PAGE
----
We take a look at why the French king was so enamoured with the former hunting lodge, and why you should go and visit.
1. It’s one of the world’s biggest palaces
The Palace of Versailles started out life as a hunting lodge in what was then a small country village 12 miles south west of Paris.
It was subsequently expanded by Louis XIV and became the principal residence of the French royal family.
The first stage of the expansion took 17 years and saw three new wings added. Further building work included the addition of two more wings, stables, the Grand and Petit Trianon, the Chapel and the Opéra.
2. Wander the extensive gardens
The gardens of Versailles span across 800 hectares and comprise 200,000 trees, 50 fountains and a 5.57km canal.
Much of this was formerly woods and marshland but now in place of these is an extraordinary network of magnificent gardens.
They’ve been inscribed on the Unesco World Heritage List for a reason.
3. Marvel at the fountains
Despite the sheer volume of fountains across the vast gardens, Versailles has always had a problem with water supply.
During the earlier days, having a garden served a different purpose than merely aesthetics. It was created to store plants with medicinal purposes and for food. For some, it was also a way to worship the gods and goddesses. Nowadays, gardens are created to bring out the beauty of nature and for so many more reasons.
Take a trip and see the world’s magnificent gardens. Who knows, you just might find something to add to your bucket list of next places to visit.
Located at Brentwood Bay in British Columbia is a garden that has been tagged as one of the National Historic Sites of Canada because of its rich history and beauty. The garden, which was built during the 1900s, is filled with an estimated 900 types of flowering blooms that attract millions of visitors all locally and internationally every year.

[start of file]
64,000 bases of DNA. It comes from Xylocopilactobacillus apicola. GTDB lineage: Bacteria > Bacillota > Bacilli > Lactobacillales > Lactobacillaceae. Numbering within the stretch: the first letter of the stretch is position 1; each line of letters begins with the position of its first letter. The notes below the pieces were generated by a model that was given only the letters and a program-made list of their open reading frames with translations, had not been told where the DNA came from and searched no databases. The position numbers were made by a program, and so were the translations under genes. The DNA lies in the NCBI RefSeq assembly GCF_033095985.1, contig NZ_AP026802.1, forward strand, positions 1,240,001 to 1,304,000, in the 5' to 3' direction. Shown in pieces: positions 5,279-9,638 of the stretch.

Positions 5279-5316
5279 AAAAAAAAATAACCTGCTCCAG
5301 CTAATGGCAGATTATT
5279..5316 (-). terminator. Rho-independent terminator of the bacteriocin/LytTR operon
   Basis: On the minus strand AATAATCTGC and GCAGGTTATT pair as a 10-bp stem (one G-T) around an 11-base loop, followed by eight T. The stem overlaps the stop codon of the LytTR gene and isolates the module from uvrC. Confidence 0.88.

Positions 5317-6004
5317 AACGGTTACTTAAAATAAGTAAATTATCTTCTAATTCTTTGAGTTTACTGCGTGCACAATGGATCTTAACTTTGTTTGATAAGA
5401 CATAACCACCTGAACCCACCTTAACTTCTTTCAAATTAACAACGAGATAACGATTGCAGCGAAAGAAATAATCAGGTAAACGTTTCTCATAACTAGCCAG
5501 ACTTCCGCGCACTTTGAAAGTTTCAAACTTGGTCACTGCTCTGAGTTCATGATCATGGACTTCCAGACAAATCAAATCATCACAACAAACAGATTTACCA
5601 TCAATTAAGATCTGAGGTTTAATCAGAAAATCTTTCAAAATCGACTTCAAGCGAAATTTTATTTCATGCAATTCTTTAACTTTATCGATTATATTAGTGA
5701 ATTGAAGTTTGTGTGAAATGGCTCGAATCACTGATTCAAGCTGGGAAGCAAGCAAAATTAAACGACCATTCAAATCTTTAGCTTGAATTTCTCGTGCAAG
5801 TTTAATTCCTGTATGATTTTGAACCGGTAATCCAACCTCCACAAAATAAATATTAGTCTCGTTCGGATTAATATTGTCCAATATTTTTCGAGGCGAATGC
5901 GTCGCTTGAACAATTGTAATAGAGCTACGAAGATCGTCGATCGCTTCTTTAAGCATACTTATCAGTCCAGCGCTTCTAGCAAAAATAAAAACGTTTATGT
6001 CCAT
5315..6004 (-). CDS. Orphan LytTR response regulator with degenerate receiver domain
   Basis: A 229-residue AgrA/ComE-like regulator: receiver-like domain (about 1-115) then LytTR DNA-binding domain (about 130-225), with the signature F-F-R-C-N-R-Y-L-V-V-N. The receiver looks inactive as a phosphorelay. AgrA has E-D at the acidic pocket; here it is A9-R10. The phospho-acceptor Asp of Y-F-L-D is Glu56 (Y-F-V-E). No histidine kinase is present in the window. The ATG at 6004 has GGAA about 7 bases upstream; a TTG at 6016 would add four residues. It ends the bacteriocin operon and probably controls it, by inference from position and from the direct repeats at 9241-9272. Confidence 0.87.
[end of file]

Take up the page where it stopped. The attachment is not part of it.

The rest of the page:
Jennie Butchart, who arrived in the west coast of Canada from Ontario with her husband Robert at the turn of the century, started the garden.
Are you planning a visit to Versailles? Follow these tips on seeing France’s most famous palace, dripping with luxury and history.
(CNN) — Is there a palace anywhere in the world as famous as the Château de Versailles
Dripping with gilt and marble, the colossal palace was the singular vision of Louis XIV, aka the almighty Sun King, whose lavish, lusty lifestyle mirrored his global ambitions for France in the 17th century. The monarch recruited the finest craftsmen of the day for his Pharaonic project: transforming his father’s simple hunting lodge into a party pad to house the 6,000-person royal court. The numbers are dizzying: 700 rooms, 27 acres of roof, 67 staircases.
Landscape architect André Le Nôtre literally moved mountains to create the endless perspective of gardens.
A beach volleyball court on the Champ de Mars beside the Eiffel Tower, archery on the Esplanade des Invalides, cycling on the Champs-Élysées, fencing and taekwondo at the Grand Palais. As part of its master plan for the 2024 Olympic and Paralympic Games, Paris envisions using its famous landmarks as stunning backdrops for the international competition. And equestrian sports are no exception.